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Fuller Brush man, the Pony Man, and other door-to-door salesmen

Posted by Dennis H 
Re: Fuller Brush man and the Pony Man
February 08, 2011 04:43AM
dear mustang i enjoyed your long post under the thread of the fuller brush, and pony man i also lived around the south end of love field but not in highland park, you once chastised a post i made about remembering dunlap swains gas stations saying it did not pertain to the thread but some threads remind you of your past and it is hard not to talk about things you remember i wont be so rude to chastise your post that got away from you, bringing back good memories, instead i will thank you for the intrestring post i also remember the black owned bbq place in the thicket it was daves bbq

Edited 3 time(s). Last edit at 02/08/2011 04:50AM by rojinks.
Re: Fuller Brush man and the Pony Man
February 08, 2011 02:10PM
I was raised in Highland Park.
Armstrong Elementary, HPJHS, HPHS, graduated June 1956.
Yes, the stadium had a "scottie" dog on it. The mascot.
Known as the HP Scotties. The h
Highlander was the name of our yearbook, which I still have, and use it for reference periodically.
Later years, the Highlander became the logo.
I still attend the annual September class and school luncheon. Super alumni organization ramrodded by Jennie Scroggins.
Great school and education, and great memories of classmates.
Lots of changes over the years.
But I still see all as it was way back then, but with a modern times "overlay", of all the changes, in 55 years.
Re: Fuller Brush man and the Pony Man
February 08, 2011 02:58PM
Ah rojinks, if you are not chastising me you certainly got your point across! I went back and looked at what I think was the only thread involving Dunlap Swain and found I had asked a question about Chape Chapin who I did not and still do not recall. I did remember the post by mrchuck about changing batteries in Buicks. No rudeness was intended, or maybe there was another thread the search engine did not find for me. I would agree that the post about PCBC might well have been in a new thread but that was one of the places my thoughts took me after recalling the door to door salesmen in my neighborhood. And for the record I lived in University Park and not Highland Park although they were lumped together.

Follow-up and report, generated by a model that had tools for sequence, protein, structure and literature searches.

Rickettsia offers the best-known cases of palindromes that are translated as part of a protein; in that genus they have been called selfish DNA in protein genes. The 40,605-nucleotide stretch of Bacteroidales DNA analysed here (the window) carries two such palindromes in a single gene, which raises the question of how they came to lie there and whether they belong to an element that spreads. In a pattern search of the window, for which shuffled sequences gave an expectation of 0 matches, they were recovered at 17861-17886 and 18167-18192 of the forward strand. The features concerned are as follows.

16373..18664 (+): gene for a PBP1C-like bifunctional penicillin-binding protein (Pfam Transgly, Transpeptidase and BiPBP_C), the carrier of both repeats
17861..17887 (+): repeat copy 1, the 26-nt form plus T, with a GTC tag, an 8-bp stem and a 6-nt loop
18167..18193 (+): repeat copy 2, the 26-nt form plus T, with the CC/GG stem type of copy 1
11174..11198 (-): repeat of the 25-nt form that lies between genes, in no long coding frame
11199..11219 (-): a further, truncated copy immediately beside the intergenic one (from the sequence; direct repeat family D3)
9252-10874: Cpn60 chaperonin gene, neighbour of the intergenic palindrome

Funny the way memory works or fails. I recall the name Dunlap Swain and now even conjure up a mental picture of one (perhaps because of the links given previously), but really no locations although I am sure from the previous posts I went by one or another of them fairly often.
Re: Fuller Brush man and the Pony Man
February 09, 2011 01:18AM
There is still a Dunlap Swain downtown on Ross and Routh BUT thats something for another thread... winking smiley
Re: Fuller Brush man and the Pony Man
February 09, 2011 03:19AM
mustang i tried to get my point across in the nicest way i could i enjoy most posting about dallas history even if they stray alittle from the original post on the phroum anyhow i enjoyed your post and i am a little weak on hp and up history not even sure where they seperate if i seemed a little abrasive my sincere apologies